Thinking strategically about connectedness in communication and learning using the Mediated Interaction Framework
Frameworks imperfectly explain the world, but they’re also invaluable – particularly when evaluating decisions that will affect the results you desire.
From an executive perspective, those results tend to fall into four categories: top line, bottom line, risk, and time-to-result.
Even in non-profit or government environments that may not use the same language (e.g., you don’t “make sales”), the essential categories of productivity, stewardship of resources, mitigating risk, and time-to-result govern (or should) a leader’s or strategist’s perspective.
And as we get rolling, one warning: this is a long form post wherein we’ll look at
- The organizational dynamics that drove me to create this explanatory framework to begin with (including an example story of a headscratcher decision)
- Determining the value of data, why orgs often only give it lip service, and what to ask
- Using the framework: questions to ask when strategizing content (particularly learning and development content)
Why the Mediated Interaction Framework came to be (and why it’s important)
The Mediated Interaction Framework attempts to help communication and learning strategists consider the nature of interpersonal connectedness relative to tradeoffs and decisions about the media through which communication/learning happen.
I developed it after repeatedly interacting with people stuck working in organizations with overly simplistic learning strategies related to virtual classes, events, and webinars. And it’ll take some space in the post, but here’s an example by way of story:
The setting: a workforce-learning conference where I was speaking a few years ago. Sitting down at a table, a gal saw the “presenter” tag on my badge and asked what I was speaking about (which was thinking strategically in designing virtual classrooms into an overall learning ecosystem).
Her quick reply: “Oh, good. I know one session I don’t need to go to.”
I inquired as to why.
It turns out that she worked for a global footwear brand (of swooshy persuasion), and she told me that the mandate from on high was to move all training to on-demand media. I clarified, “All of it? No synchronous, instructor-led training of any sort, online or onsite?” Nope.
As you might imagine, I asked additional clarification questions. Their simple (simplistic) reason — a reason you see illuminated in the framework – came down reach and cost (the far right). In their case this like would have been evaluated as “lowest cost per unit of knowledge delivered.”
The point here isn’t to throw Swooshy Shoes under the bus. It’s to point out an all-too-common example: they were “buying on price” instead of effectiveness.
To be sure, on-demand media sometimes is the right choice, but she assured me this had not been evaluated relative to effectiveness…it was a cost-driven decision. And she agreed that the overall cost to the organization wasn’t part of the discussion (read: one department maximized their spend at the expense of greater overall organization cost).
The value of data… and the challenge of being data-driven
Besides intra-organizational turf wars, why do orgs fall into this trap? Not following the data.
Usually because they don’t have it, albeit for good reasons – reasons you should be able to illuminate.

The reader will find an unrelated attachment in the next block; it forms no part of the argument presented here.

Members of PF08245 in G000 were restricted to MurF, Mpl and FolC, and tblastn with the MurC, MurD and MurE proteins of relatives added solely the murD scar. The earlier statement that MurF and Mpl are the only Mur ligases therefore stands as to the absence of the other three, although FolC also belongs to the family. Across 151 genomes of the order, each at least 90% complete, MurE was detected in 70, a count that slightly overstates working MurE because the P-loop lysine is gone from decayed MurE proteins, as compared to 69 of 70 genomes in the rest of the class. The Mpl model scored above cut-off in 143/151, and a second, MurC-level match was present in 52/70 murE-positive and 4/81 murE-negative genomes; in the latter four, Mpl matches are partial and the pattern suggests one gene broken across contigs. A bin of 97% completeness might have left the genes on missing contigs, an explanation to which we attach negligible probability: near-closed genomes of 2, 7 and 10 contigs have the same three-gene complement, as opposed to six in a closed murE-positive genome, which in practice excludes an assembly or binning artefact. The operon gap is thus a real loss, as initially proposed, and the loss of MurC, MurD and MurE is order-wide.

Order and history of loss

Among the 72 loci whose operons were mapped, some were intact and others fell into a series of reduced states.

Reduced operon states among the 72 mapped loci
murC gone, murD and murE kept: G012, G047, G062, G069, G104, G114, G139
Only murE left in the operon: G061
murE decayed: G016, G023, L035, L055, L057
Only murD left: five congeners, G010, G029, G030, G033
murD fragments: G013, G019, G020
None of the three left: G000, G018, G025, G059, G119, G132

Everyone loves the term ROI (return on investment), but few actually invest in calculating it at a level granular enough to guide operational decisions.
To explain why, let’s ‘bottom line’ this thing with a single principle:
Optimization drives valuation.
In other words, to use the failed “swooshy shoes” example as a case, we’d want to have explored the results delivered from ILT/vILT relative to (meaning compared to) the results from on-demand media, and those in relationship to their respective costs.
The premise of optimization is that every medium has a right time and place wherein a given medium of communication is the best possible choice.
By analogy, you can tell a story in a book or a movie, but the discipline and cost (and a bunch of other things) are very different for producing them. And while someone you know will argue that books are better than movies (or vice versa), the point is that they’re different…some things you can deliver much better in a book than a movie and vice versa.This is true for tradeoffs to be evaluated in choosing media as part of learning and communication strategy.
And therein lies the challenge:
Technically anything can be isolated, measured, and monetized (how you’d actually get to calculating ROI).
But gathering data itself is itself an expense. <– Read that again.
This leads to the primary reason why most orgs don’t actually have fully data-driven optimization:
- The value of data is NOT (fully) that it helps you make better decisions (e.g., see the executive metrics at the beginning of this post).
- The value of data IS the delta between your improved decision (“X”) versus your less-informed decision (“Y”) that is then weighed against the cost of acquiring that data (“Z”).
- The value of data: X-Y/Z.
This means most orgs, like individuals in their daily lives, don’t make fully-decisions according to the data. They exercise judgment and intuition.
Which is where a framework comes in…to at least think through the gut checks in terms of principles and tradeoffs versus overly-simplistic numbers (like cost alone, in the case of some division inside the swooshy shoe company).
One principle that’s easy to communicate to others: optimization drives valuation.
Using the framework: understanding the categories
Again, the Media Framework attempts to help communication and learning strategists consider the nature of interpersonal connectedness relative to tradeoffs and decisions about the media through which communication/learning happen.